1. Check whether your children need to file a 2015 tax return. They’ll need to file if wages exceeded $6,300, self-employment income was over $400, or investment income exceeded $1,050. When income includes both wages and investment income, other thresholds apply.
2. Consider whether you’ll contribute to a Roth or traditional IRA. Since you have until April 18 to make a 2015 contribution (April 19 if you live in Maine or Massachusetts), you can schedule an amount to set aside from each paycheck for the next few months. The maximum contribution for 2015 is the lesser of your earned income for the year or $5,500 ($6,500 when you’re age 50 or older). Be sure to tell your bank or other trustee that these 2016 contributions are for 2015 until you reach the 2015 limit. You can then deduct these 2016 amounts on your 2015 tax return for a quicker tax benefit.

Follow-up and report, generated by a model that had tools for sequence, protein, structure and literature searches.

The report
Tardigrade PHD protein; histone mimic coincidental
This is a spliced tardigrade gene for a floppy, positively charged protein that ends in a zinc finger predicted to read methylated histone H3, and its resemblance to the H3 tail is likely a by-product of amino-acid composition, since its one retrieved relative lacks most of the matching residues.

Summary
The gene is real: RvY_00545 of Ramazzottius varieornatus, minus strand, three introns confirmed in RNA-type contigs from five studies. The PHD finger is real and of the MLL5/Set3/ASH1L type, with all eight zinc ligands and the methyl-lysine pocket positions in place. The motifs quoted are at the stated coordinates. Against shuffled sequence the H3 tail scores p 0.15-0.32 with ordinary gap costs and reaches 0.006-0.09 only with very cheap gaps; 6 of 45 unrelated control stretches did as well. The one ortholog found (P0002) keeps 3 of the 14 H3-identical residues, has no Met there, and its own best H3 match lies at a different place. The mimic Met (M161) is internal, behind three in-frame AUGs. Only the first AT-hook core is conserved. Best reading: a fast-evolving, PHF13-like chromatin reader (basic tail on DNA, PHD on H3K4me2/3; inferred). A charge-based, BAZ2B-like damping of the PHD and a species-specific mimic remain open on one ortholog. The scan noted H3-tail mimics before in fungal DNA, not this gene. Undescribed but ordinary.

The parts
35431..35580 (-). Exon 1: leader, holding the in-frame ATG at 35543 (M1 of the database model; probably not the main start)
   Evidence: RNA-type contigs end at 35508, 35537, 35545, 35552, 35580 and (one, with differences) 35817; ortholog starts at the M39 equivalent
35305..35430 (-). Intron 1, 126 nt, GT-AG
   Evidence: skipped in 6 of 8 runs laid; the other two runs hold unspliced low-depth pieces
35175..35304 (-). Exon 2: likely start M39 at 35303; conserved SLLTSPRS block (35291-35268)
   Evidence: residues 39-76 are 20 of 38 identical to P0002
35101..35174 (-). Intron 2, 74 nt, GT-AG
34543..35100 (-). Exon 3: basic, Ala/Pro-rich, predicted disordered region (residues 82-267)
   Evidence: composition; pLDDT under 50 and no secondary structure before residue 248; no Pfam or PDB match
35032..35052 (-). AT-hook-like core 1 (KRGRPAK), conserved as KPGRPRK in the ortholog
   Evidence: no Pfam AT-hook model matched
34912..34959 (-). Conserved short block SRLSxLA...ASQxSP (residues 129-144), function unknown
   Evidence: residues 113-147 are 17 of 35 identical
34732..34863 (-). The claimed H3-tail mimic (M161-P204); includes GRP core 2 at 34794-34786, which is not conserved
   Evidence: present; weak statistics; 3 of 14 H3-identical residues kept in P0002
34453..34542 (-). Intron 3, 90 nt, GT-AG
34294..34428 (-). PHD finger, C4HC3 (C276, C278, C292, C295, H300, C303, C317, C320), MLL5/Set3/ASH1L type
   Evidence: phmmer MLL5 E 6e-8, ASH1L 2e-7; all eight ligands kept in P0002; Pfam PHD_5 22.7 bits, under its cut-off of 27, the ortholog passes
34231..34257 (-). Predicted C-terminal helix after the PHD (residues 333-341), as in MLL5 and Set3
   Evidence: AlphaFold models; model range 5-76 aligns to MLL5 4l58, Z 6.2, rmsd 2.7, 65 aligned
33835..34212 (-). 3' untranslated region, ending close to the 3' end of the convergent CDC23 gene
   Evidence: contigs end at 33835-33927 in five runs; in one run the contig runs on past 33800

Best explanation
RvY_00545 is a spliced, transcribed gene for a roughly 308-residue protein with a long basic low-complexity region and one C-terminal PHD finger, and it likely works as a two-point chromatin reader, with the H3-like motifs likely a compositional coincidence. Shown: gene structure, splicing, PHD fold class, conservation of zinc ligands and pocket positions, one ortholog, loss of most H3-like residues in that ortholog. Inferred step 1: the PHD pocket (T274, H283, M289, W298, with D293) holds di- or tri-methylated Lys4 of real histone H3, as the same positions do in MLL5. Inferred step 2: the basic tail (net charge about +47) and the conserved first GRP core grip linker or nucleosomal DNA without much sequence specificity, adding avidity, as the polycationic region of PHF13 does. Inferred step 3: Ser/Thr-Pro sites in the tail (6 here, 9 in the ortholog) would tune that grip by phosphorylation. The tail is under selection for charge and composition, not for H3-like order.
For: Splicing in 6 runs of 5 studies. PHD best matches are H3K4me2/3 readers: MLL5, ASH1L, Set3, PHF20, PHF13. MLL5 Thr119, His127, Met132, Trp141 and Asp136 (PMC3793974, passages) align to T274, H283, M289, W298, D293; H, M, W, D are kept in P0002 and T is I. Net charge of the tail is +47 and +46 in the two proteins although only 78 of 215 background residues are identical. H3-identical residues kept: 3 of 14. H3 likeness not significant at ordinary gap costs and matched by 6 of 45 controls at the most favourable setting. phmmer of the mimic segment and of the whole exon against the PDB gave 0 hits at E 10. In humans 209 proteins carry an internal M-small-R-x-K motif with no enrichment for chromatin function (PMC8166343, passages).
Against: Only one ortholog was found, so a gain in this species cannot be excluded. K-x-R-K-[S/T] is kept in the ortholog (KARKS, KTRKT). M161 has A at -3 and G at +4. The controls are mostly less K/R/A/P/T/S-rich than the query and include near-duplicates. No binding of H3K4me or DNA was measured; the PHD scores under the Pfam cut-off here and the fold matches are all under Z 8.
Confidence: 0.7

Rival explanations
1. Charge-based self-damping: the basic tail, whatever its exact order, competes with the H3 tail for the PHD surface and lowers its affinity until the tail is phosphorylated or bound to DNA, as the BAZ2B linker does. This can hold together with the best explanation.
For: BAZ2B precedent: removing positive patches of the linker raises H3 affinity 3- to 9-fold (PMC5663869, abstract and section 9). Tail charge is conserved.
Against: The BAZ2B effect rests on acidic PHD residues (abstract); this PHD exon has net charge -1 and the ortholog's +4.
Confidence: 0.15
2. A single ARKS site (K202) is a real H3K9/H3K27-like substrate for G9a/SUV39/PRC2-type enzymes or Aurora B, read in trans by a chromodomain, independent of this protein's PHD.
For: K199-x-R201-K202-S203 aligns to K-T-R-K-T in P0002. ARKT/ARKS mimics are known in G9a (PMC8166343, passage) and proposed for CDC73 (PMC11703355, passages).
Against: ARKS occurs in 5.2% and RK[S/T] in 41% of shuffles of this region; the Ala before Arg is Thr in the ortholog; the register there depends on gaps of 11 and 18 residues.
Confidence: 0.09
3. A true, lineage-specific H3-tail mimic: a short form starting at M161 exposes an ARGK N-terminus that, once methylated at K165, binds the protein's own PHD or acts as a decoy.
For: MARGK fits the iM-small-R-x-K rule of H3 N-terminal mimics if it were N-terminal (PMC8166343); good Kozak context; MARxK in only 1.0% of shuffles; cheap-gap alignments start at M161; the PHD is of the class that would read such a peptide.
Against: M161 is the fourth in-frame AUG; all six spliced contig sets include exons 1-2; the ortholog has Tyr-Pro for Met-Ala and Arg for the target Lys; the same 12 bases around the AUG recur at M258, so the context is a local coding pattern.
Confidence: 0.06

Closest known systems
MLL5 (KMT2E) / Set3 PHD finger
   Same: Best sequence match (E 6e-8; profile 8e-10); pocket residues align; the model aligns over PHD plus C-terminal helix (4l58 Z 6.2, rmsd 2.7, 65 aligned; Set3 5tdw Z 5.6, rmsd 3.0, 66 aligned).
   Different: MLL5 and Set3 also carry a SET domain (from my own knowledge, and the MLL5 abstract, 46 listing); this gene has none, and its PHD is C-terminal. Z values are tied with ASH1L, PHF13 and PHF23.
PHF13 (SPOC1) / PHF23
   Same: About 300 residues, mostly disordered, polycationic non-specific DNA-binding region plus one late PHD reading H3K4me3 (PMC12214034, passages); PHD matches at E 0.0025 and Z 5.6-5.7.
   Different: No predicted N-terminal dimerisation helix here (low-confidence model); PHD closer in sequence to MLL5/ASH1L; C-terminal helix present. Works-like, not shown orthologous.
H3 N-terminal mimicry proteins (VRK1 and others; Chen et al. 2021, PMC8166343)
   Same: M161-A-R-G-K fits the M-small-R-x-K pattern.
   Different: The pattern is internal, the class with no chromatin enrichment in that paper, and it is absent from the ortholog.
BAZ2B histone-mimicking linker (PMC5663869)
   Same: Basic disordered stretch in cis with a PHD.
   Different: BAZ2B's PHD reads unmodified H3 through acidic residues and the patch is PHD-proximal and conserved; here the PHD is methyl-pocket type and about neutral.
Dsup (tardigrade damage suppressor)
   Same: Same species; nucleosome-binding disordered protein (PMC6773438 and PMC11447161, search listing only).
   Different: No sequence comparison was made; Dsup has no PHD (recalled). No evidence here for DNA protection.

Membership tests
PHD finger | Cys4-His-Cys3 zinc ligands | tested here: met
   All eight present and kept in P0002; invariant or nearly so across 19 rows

3. Do you need to file a gift tax return? For 2015, you may need to file a return if you gave gifts totaling more than $14,000 to someone other than your spouse. Some gifts, such as direct payments of medical bills or tuition, are not subject to gift tax. Gift tax returns are due at the same time as your federal income tax return.